|Author:Laxman Burdak, IFS (R)|
Parachinar is situated on a neck of Pakistani territory south of Peshawar, that juts into Paktia Province of Afghanistan. It is the closest point in Pakistan to Kabul and borders on the Tora Bora region of Afghanistan.
The name Parachinar may derive from a large Chinar tree at a place now encompassed by the headquarters of Kurram Agency. Alternatively, there is in the Kurram Agency a tribe known as the Para-chamkani (Lisyani), which is remembered to have convened meetings under a Chinar tree to resolve their social matters. The previous name, used for Kurram was Tutki, which is still used by some Afghan people. The inhabitants of Tutki were called Tutkiwal.
The Kurram Valley, which is drained by the Kurram River and its affluents, lies to the south of the lofty Safed Koh range, and reaches from Thal in Kohát to the Peiwar Kotal on the borders of Afghán Khost.
The people are Pathans of various clans, the predominant element being the Turis, who are Shias by religion and probably of Turkish origin. It was at their request that the valley was annexed in 1892. The political agent has his headquarters at Parachinar in Upper Kurram, which is divided from Lower Kurram by a spur of the Khost hills, through which the river has cut a passage. Such part of the Indian penal law as is suitable has been introduced, and civil rights are governed by the customary law of the Turís (Turizona). Upper Kurram is a wide and fertile valley set in a frame of pine-clad hills. It is not fully cultivated, but has great possibilities, especially in the matter of fruit growing. The snowfall is heavy in winter, but the summer climate is excellent. Lower Kurram is a poor and narrow glen unpleasantly hot and cold according to the season of the year. Parachinár is connected with the railhead at Thal by a good road.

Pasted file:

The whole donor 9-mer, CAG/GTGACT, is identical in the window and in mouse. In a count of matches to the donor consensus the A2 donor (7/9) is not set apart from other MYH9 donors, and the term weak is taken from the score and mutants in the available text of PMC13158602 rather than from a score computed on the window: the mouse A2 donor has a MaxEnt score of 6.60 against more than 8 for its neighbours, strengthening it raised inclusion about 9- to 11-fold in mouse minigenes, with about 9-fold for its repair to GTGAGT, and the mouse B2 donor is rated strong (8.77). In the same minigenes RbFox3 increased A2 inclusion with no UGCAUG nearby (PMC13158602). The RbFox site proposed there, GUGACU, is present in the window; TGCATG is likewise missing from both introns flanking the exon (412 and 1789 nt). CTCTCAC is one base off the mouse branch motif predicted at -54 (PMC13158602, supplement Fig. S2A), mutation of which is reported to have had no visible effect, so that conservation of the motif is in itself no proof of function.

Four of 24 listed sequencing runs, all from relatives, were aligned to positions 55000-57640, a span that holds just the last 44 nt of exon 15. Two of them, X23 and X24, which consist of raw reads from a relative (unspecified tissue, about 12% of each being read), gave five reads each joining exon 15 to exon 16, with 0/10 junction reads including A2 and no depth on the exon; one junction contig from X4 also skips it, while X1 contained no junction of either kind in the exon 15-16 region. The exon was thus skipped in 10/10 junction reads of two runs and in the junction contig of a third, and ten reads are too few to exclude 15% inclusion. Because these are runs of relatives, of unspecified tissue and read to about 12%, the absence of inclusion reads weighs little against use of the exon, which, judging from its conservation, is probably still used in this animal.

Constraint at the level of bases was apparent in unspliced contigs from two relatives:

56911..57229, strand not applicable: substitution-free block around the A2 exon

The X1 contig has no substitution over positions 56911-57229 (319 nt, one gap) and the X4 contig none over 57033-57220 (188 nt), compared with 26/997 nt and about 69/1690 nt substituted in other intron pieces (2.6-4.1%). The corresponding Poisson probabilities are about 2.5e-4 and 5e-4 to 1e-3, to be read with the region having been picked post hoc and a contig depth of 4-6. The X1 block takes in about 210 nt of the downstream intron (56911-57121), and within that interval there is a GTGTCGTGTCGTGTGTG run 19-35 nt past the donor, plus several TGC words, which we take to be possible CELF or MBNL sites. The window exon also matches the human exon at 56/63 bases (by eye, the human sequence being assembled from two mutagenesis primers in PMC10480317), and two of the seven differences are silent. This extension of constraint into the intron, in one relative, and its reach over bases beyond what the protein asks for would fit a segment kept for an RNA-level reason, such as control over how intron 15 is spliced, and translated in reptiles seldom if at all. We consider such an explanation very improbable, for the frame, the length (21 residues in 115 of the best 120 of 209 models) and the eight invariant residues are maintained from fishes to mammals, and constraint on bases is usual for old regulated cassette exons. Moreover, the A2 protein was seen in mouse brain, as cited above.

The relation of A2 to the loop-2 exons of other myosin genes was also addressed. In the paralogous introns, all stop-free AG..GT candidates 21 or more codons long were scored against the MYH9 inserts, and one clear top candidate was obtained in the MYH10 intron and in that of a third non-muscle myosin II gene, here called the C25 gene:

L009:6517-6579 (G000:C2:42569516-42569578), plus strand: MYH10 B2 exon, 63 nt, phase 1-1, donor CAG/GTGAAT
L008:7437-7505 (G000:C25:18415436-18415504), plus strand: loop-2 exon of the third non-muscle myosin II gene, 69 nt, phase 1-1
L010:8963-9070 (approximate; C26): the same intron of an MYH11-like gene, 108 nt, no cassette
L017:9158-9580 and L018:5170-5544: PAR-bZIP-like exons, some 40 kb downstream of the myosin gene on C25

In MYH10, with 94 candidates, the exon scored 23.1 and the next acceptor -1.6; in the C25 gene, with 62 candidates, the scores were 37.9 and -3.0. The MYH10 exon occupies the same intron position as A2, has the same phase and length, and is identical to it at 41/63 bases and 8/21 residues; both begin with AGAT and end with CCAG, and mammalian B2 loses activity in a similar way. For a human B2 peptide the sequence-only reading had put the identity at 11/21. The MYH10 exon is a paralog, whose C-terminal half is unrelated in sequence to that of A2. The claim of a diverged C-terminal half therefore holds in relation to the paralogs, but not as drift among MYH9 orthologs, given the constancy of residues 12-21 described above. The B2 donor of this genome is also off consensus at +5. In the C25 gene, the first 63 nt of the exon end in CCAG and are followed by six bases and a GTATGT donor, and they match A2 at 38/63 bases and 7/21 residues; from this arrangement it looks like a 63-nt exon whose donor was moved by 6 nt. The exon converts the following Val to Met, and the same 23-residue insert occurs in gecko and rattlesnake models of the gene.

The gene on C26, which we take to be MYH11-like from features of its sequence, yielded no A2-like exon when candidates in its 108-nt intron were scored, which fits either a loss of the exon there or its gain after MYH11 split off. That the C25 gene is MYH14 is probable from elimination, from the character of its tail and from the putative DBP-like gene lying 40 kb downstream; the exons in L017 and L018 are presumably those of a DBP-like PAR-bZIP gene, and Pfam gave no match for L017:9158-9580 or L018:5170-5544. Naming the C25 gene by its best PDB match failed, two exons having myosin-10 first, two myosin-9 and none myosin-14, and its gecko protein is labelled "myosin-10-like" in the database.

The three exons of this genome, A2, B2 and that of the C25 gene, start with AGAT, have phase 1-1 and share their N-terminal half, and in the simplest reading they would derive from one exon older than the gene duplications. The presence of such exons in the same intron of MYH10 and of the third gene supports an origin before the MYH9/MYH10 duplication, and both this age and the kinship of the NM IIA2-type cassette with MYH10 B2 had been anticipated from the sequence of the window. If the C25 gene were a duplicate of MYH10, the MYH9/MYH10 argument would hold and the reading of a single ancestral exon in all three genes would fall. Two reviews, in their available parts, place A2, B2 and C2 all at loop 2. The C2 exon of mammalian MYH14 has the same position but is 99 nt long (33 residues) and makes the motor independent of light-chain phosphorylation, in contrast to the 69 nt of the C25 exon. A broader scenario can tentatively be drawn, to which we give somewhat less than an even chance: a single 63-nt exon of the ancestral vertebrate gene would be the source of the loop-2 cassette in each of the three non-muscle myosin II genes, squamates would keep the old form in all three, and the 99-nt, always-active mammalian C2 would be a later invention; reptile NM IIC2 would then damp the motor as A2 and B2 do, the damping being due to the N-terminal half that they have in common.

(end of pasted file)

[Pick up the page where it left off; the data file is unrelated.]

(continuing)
Parachinar originated as a summer residence for nomadic tribes who wintered their livestock at lower altitudes, and the district had originally been a summer residence for Moghul emperors from Delhi. The Parachinar region was part of Durrani empire before the Second Afghan War of 1878-79, but was not firmly annexed by the British until 1892. During the colonial era and 1947, Parachinar became a hill station for people from Peshawar; as it is relatively cool in the summer and very easy to reach from the plains despite its high altitude since there are no steep ascents on the route from Peshawar.
Because of its proximity to the border of Afghanistan, in recent years, the economy of Parachinar has been adversely affected, with tourism in steep decline.
Parachinar has four seasons. Parachinar is very famous for its fresh fruits and fresh vegetables.
Back to Jat Places in Pakistan